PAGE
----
Tangents & Tirades

by kwheele4


Opinion


More Than a Post

No one can deny that the past year has been riddled with social issues that need to be addressed by the greater population. While sharing an infographic is a great starting point to provide information to a larger audience, Instagram should not be the only avenue of education on a topic. 

Issues surrounding mental health, social justice, and gender equality are significant, and while it is promising that the younger generations are willing to have these conversations, there is so much more to a movement than what you might see on social media. That is why it is important to go beyond the app and study the issues being addressed. 

The best way to do this is through thorough research. If you are interested in an issue, make sure you can understand it from all sides, rather than one (likely biased) account on Instagram. 

Of course, posting these infographics is not necessarily harmful. In fact, they can make people aware of issues they may not have heard of before. So sharing is okay. But a person should fully read a source before sharing it to a large number of followers. Compare it to a source on an essay: would it be smart to cite something you’ve only skimmed?

Overall, staying up to date on the news is necessary. And sharing issues you are passionate about is an effective way to use social media. But remember that life and information continues outside of those apps and that it might be better to inform yourself further on more requitable sites.

Julia McCoy ’22


Making up for Lost Time

During the past two semesters of the 2020-2021 school year, Providence College students have been through it all with the COVID-19 pandemic: on-campus buildings were forced to close, strict pods were enforced, and the ability to hold both on- and off-campus social gatherings and important events became essentially impossible. 

As of late April, PC has been able to lift some of these restrictions and mandates as many students are becoming partially and fully vaccinated. 

While this school year has been undeniably unforgettable, there were also many events which could not be forgotten because they were never able to take place. So, as we near our three-month summer vacation and excitedly await the potential of a far more social return, it is important to make up for all the lost time as much as possible.

While we cannot gain back the semesters we have lost to social distancing and other unforeseen and unfortunate realities, we can set social goals and plans for the fall 2021 semester to make sure that we see the people, go to the places, and do more of what we have all literally and figuratively missed.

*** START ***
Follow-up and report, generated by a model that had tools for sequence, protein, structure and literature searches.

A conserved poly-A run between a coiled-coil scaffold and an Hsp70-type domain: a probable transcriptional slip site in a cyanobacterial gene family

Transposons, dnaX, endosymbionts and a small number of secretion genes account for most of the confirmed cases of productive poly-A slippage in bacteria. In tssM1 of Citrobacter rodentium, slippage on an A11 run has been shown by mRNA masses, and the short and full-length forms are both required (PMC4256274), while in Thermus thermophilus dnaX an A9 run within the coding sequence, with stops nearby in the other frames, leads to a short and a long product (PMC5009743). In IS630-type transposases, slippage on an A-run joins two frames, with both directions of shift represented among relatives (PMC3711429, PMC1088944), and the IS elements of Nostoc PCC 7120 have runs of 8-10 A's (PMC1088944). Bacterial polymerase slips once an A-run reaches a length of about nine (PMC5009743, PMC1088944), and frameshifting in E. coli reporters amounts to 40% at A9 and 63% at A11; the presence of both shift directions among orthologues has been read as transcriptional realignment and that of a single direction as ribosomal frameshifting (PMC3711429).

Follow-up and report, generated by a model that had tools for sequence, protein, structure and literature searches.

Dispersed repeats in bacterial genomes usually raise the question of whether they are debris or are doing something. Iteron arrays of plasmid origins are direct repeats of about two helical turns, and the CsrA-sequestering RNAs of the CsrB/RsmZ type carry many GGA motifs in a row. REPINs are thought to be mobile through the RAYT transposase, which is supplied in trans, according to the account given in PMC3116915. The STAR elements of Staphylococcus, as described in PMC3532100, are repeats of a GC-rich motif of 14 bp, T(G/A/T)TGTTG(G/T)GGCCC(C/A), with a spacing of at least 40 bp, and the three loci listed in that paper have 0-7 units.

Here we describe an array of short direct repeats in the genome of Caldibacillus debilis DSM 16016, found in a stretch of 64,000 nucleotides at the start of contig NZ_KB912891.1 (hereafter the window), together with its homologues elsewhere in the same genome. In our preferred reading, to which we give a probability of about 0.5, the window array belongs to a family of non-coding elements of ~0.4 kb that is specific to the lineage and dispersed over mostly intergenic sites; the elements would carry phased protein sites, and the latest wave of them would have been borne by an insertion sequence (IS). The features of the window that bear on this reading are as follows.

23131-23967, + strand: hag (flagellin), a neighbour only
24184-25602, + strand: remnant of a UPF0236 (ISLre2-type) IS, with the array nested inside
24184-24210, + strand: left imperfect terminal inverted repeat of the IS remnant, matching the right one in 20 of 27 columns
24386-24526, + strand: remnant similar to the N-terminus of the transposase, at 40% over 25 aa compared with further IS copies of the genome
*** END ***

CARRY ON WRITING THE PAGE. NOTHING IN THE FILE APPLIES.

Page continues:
By taking time to reflect on this past year and set goals over the summer vacation, we, the Friar Family, will return more united than ever, ensuring that another year will not be lost to missed opportunities. 

—Madeline Morkin ’22


Talking on the Phone Trumps Texting 

Texting has quickly grown to become one of, if not the most popular form of communication. Psychologists and other experts are even starting to study texting as a separate language, including emojis and their meanings. While texting is a quick and efficient way to get your message across, calling on the phone is a far better form of technological communication.

Some argue that talking on the phone is way more awkward and uncomfortable than texting. Teenagers especially, who grew up with this technology, would prefer to hide behind the mask of their iMessage. However, making a phone call is better because it helps the caller to practice social skills, unlike texting. 

Tone is often misunderstood in text messages, which can make things uncomfortable for both sides. A text sent with a period may seem to some to be just a simple declarative sentence, but others may view it as a passive aggressive message. In contrast, with calling on the phone, people can communicate their tone with their voices, making conversations a lot less awkward and vague. 

With phone calls, you can save voicemails from loved ones that have a much deeper meaning than text messages. The several recorded voicemails I have saved from my late grandmother are so special to me because I can hear her voice; text messages do not convey this type of deep connection. 

While texting is good for small and trite messages, calling on the phone is good for practicing social skills, which often seem lost in this technologically driven world, and hearing the voices of loved ones. 

Emily Ball ’22


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